to prospects for future experimentation.
(v) Willingness to work with others to achieve common ends through commonly
agreed upon means
This attitude affects all members of every working group – leaders and
followers. However significant the contribution of the talented person working alone
may be, well co-ordinated groups usually prove wiser in plotting the means and ends
of projects. Curriculum workers should become well acquainted with procedures that
facilitate the group work and should become competent in leading groups of
differing sizes and kinds.

Studies of attitude change in teachers reveal that humanely conducted

staff evaluations can serve as a starting point. Also, arranging helpful contacts with
other persons – fellow teachers, counsellors, consultants and community members –
can offer new perspectives.

(b) Quantity and quality of personnel

A stimulating, friendly climate and helpful working conditions are aided by the
presence of able personnel in sufficient numbers to accomplish worthwhile tasks.
Surveys of the staffing of the schools and school systems usually reveal that more
work is being accomplished by limited numbers of persons than even the most
conservative of personnel analysts expect. Often these persons are discharging
responsibilities that should not be theirs or are discharging their responsibilities in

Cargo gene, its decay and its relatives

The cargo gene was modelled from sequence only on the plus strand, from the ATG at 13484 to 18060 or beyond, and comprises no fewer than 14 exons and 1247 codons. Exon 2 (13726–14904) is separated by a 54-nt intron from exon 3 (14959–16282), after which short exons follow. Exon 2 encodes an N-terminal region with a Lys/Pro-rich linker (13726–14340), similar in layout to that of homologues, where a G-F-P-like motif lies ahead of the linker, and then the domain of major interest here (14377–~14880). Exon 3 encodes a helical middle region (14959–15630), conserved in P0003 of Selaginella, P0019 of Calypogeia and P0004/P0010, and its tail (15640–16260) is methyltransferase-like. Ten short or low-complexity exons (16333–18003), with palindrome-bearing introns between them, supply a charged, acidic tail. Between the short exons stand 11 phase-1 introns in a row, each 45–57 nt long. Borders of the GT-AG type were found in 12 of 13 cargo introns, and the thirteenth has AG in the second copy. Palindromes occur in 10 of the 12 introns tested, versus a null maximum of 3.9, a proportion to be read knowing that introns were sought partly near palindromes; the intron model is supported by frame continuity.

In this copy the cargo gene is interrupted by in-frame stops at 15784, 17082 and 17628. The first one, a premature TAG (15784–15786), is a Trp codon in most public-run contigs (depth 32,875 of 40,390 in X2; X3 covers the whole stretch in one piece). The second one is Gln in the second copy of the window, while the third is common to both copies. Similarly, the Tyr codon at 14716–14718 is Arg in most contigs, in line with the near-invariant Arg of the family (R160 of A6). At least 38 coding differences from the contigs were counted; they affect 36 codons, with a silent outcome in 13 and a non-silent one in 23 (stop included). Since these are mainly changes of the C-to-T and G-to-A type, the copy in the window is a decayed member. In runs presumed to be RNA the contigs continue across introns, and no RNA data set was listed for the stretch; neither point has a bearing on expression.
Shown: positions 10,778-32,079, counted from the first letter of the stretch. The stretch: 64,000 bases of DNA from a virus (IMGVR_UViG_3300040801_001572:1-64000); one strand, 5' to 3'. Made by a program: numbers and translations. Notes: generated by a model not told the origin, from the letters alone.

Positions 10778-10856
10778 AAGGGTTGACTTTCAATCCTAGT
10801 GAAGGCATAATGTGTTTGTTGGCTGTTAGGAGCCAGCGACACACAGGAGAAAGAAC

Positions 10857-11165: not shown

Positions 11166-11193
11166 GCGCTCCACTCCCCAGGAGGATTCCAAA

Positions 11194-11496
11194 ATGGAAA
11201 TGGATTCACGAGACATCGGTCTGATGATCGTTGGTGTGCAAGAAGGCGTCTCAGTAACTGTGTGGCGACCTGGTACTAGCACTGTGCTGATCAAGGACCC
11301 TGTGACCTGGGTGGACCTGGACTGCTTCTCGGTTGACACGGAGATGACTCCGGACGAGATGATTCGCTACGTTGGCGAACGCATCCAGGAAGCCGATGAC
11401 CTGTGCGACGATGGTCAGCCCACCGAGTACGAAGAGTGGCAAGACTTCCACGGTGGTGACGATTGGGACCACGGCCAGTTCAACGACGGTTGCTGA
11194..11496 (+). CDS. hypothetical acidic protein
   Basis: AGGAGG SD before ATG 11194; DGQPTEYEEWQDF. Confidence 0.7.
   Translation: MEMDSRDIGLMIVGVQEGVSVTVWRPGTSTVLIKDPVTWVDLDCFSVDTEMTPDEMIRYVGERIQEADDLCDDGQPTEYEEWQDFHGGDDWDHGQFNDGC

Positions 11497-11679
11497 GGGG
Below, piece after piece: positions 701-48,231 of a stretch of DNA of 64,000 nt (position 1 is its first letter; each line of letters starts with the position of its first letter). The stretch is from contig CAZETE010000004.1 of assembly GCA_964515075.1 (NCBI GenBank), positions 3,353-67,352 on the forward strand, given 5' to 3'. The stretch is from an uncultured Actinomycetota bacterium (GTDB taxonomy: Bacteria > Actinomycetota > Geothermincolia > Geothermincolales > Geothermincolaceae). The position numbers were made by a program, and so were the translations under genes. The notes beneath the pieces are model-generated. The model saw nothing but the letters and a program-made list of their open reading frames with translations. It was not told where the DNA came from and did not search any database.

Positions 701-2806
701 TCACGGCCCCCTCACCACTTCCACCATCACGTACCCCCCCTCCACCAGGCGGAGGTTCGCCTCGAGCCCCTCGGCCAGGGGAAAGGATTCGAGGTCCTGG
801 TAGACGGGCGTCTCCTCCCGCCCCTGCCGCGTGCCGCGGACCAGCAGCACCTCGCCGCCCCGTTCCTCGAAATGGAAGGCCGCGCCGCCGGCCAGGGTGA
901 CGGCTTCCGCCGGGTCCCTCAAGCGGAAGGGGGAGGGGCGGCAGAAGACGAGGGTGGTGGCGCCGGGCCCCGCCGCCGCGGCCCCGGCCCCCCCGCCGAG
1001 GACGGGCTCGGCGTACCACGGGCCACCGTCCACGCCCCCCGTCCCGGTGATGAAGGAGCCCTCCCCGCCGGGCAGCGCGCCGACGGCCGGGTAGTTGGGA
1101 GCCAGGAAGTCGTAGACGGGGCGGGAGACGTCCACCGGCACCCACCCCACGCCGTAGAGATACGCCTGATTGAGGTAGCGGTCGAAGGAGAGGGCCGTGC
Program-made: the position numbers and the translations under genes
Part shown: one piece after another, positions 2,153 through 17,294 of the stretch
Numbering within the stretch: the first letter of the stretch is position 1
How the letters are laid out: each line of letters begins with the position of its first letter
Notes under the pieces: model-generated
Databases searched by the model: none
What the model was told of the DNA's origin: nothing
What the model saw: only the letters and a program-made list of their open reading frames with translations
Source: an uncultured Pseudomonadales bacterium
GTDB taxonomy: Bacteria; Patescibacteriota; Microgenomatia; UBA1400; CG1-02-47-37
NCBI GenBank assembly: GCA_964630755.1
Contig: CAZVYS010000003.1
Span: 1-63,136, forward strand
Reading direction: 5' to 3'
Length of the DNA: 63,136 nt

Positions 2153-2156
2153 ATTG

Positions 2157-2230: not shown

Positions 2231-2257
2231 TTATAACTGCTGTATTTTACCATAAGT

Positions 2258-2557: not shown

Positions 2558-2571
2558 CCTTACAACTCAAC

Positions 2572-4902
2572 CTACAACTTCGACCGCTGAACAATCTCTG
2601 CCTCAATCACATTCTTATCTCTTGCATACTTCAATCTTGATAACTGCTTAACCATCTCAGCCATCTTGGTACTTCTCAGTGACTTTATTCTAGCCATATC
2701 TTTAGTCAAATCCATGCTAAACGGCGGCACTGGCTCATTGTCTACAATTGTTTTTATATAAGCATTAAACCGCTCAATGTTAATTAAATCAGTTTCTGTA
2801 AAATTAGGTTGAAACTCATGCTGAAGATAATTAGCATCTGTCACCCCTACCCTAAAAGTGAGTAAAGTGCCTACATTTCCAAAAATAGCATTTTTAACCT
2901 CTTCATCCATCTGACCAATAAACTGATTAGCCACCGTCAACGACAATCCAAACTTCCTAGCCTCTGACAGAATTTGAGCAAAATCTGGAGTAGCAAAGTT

ineffective ways.
In spite of the fact that present-day schools are frequently understaffed in the
fields of supervision and curriculum services, the quality of assistance that class
teachers are receiving could be improved in at least three respects:
• The very best available persons should be utilised to discharge each major
responsibility. Some times the teachers are made part time specialists in the fields in
which they may have received only limited preparation.
• The role of the school in the total community should be examined at intervals.
This determines whether all the functions of the school have adopted truly belong to
an educational institution.
• Special teachers should be assigned in different, more helpful ways. Varied and
sometimes questionable uses are being made of special teachers in subjects such as